Sixth Sunday of Easter - For all who live the vocation of marriage: may the Holy Spirit help them to follow God’s commandments and to fulfill their commitment, we pray to the Lord…
Seventh Sunday of Easter - For all married couples: may they recognize the goal of their vocation as being in union with Christ, both on earth and in heaven, we pray to the Lord…
Prayer for Marriage (USCCB)
God our Father, we give you thanks
for the gift of marriage: the bond of life and love,
and the font of the family.
The love of husband and wife enriches your Church with children,
fills the world with a multitude of spiritual fruitfulness and service,
and is the sign of the love of your Son, Jesus Christ, for his Church.
The grace of Jesus flowed forth at Cana at the request of the Blessed Mother.
May your Son, through the intercession of Mary, pour out upon us
a new measure of the Gifts of the Holy Spirit
as we join with all people of good will
to promote and protect the unique beauty of marriage.
May your Holy Spirit enlighten our society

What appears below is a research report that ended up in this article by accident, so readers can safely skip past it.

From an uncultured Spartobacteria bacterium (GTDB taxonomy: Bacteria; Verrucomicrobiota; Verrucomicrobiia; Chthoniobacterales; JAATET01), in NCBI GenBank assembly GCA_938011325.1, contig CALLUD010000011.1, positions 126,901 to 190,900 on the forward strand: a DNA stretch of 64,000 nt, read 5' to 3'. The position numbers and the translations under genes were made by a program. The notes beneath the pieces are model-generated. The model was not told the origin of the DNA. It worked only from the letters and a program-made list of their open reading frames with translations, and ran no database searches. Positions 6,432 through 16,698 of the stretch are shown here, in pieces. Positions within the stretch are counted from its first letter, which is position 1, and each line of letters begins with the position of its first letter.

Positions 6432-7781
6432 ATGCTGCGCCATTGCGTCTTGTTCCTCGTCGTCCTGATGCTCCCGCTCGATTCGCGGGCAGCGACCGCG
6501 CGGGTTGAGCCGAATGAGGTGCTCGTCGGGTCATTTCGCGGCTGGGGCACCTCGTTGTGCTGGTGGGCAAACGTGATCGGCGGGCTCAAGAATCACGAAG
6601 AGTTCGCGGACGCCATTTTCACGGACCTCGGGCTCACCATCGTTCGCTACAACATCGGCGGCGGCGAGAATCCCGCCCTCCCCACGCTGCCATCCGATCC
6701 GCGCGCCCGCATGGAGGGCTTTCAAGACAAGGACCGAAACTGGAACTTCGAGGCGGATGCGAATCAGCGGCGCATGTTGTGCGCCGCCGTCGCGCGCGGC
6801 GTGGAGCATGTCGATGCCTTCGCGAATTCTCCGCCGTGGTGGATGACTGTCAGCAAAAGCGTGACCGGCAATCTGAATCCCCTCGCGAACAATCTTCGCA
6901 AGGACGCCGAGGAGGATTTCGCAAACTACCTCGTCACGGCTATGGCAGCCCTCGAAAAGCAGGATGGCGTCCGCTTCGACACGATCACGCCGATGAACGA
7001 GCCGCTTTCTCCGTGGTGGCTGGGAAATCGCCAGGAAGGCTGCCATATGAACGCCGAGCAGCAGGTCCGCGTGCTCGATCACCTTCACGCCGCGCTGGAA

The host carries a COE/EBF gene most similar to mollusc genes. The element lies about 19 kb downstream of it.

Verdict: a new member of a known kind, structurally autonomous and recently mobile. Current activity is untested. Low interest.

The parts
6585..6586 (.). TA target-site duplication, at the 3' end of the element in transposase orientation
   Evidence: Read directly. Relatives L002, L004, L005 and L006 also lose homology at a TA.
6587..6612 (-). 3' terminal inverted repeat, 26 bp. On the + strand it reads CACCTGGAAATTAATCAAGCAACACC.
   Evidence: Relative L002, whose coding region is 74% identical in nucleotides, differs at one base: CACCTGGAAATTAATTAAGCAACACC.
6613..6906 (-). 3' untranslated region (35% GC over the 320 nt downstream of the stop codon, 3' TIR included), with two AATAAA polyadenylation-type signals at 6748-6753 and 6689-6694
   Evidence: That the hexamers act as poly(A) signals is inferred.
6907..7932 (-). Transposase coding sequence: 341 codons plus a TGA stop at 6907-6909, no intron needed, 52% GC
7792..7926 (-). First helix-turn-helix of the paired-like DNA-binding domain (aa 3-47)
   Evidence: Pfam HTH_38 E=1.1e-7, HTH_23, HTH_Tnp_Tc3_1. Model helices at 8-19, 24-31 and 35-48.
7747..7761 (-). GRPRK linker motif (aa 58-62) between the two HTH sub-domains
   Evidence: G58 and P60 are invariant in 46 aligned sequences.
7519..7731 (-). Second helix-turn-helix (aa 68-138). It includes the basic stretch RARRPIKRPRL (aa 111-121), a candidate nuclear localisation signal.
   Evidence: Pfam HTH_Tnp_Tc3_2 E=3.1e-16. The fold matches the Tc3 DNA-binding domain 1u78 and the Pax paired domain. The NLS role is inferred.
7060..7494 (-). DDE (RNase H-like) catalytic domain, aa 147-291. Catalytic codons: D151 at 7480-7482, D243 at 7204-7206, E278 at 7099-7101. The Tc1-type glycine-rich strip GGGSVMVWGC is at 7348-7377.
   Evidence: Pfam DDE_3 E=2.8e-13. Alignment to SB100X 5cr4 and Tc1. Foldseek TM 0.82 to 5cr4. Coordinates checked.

to treasure the heroic love of husband and wife,
and guide our leaders to sustain and protect
the singular place of mothers and fathers in the lives of their children.
Father, we ask that our prayers be joined to those of the Virgin Mary,
that your Word may transform our service
so as to safeguard the incomparable splendor of marriage.
We ask all these things through Christ our Lord, Amen.
Saints Joachim and Anne, pray for us.
JOY IN ACTION
Weekly suggestions for the faithful to consider
May 7: Establish a date night each month, during which you will spend time together as a couple.
May 14: On May 13, we celebrate the 100th anniversary of the apparitions at Fatima. Celebrate by honoring Mary in your home in some way. Pray the rosary or a decade of the rosary together. Perhaps, surround a statue or prayer card of the Blessed Mother with flowers. Read again about the Blessed Mother’s message at Fatima, and if you have children, share it with them.
May 21: Tell your spouse one reason (or more) why you love him or her.
May 28: As we celebrate Memorial Day, take some time to share some family memories with your spouse, children, siblings, or friends. Learn about your ethnic heritage.
Joy of Marriage
By: Mike and Diane Tyne, members of Prince of Peace Parish, Lewiston
Mike: Thirteen years of marriage have gone by really fast. Fortunately, four growing kids keep me up to date on the passage of time. Since the wedding, I’ve gradually been turning into the person I’m supposed to be. Normally, I would expect the process of turning this selfish coot into a decent man to feel long and arduous, but that hasn’t been the case.